Strong Leadership, Strong Schools

Portrait of Ann Clark

Ann Clark ’80 grew up believing in the nobility of teaching.

Her grandparents started a tiny school to educate children in rural Virginia. Her grandmother was the teacher and her grandfather, a Presbyterian minister, was principal. 

“They ran the equivalent of a one-room schoolhouse in an area where schooling was limited,” Clark says. “I heard so much from my dad and my aunts about what extraordinary educators and trail blazers they were.”

A profoundly disabled older brother who died when she was five inspired her decision to become a special education teacher.

Clark also blazed trails as Charlotte-Mecklenburg Schools’ (CMS) first woman superintendent. She now works with systems across America to improve student outcomes.

At CMS, Clark partnered with non-profits and the philanthropic community to launch Read Charlotte, focusing on early literacy. She’s since helped 18 states develop literacy strategies through collaborations among pre-K–12 educators, higher education institutes and legislatures.

She helps school systems with recruitment, retention, leadership and talent development efforts. 

“I grew up in a home where being a teacher was affirmed every day. Our young people are not getting that message very often now,” she says. “We have a national teacher pipeline crisis that’s leading to a principal pipeline crisis, and a district leadership crisis.”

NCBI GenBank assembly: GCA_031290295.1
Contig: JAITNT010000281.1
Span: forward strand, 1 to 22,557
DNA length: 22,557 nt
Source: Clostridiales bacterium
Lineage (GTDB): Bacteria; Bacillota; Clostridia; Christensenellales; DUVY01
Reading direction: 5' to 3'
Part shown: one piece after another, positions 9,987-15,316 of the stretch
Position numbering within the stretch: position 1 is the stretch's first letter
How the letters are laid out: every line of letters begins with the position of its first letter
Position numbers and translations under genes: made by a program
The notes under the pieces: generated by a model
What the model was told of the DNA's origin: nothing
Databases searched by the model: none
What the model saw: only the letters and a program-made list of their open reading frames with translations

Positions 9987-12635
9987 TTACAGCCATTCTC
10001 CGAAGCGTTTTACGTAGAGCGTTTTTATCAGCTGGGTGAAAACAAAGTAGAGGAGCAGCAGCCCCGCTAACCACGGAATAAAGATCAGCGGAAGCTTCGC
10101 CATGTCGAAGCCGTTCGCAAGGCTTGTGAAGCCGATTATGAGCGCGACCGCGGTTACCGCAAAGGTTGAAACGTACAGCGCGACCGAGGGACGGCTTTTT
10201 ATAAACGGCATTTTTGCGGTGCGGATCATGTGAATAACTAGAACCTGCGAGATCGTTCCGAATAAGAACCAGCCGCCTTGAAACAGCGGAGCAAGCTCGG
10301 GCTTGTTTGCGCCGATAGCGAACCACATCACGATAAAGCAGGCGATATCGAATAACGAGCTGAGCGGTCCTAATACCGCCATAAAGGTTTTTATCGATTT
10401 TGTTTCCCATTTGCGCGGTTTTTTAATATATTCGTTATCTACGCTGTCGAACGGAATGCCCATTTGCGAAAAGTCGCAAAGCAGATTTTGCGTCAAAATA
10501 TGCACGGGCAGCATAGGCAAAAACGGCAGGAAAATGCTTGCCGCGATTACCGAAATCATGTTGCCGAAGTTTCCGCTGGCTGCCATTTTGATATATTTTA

Clark says strong schools start with strong principals, a role she held for 19 years. She received a National High School Principal of the Year award, and became an administrator supporting principals.

“A mediocre principal might recruit a great teacher, but won’t retain that teacher,” she says. “If you don’t have a principal who’s a highly effective leader in each of your schools, you’re setting yourself up for challenges in the recruitment and retention of highly effective teachers.

“We need to continually help people grow as educators. We need to make sure they are affirmed, challenged and compensated.”

“We need to continually help people grow as educators. We need to make sure they are affirmed, challenged and compensated.”

Amid the national shortage, she supports initiatives like teacher cadet programs for high school students and enlisting retired educators.

“We need to think differently and flexibly,” she says. “Be open to job sharing and other measures that will allow teachers to return on a part-time basis.”

Laura Rosenbach ’99 was a student teacher at a Charlotte high school when Clark was principal. Rosenbach returned as a teacher, became a principal, and now supervises other principals as a CMS area superintendent.

“Ann is an incredible educator and leads by example,” Rosenbach says. “As a principal, she never walked past a piece of trash on the ground without picking it up. She’d greet kids in the bus lot at 6:30 a.m. and cheer at the football game at 10 that night.

“Ann has always been about what’s best for students, and that means supporting good teachers and principals.”

Return to And Education for All: These public-school educators teach, lead, counsel, nurture, care.

This article was originally published in the Fall/Winter 2023 print issue of the Davidson Journal Magazine; for more, please see the Davidson Journal section of our website.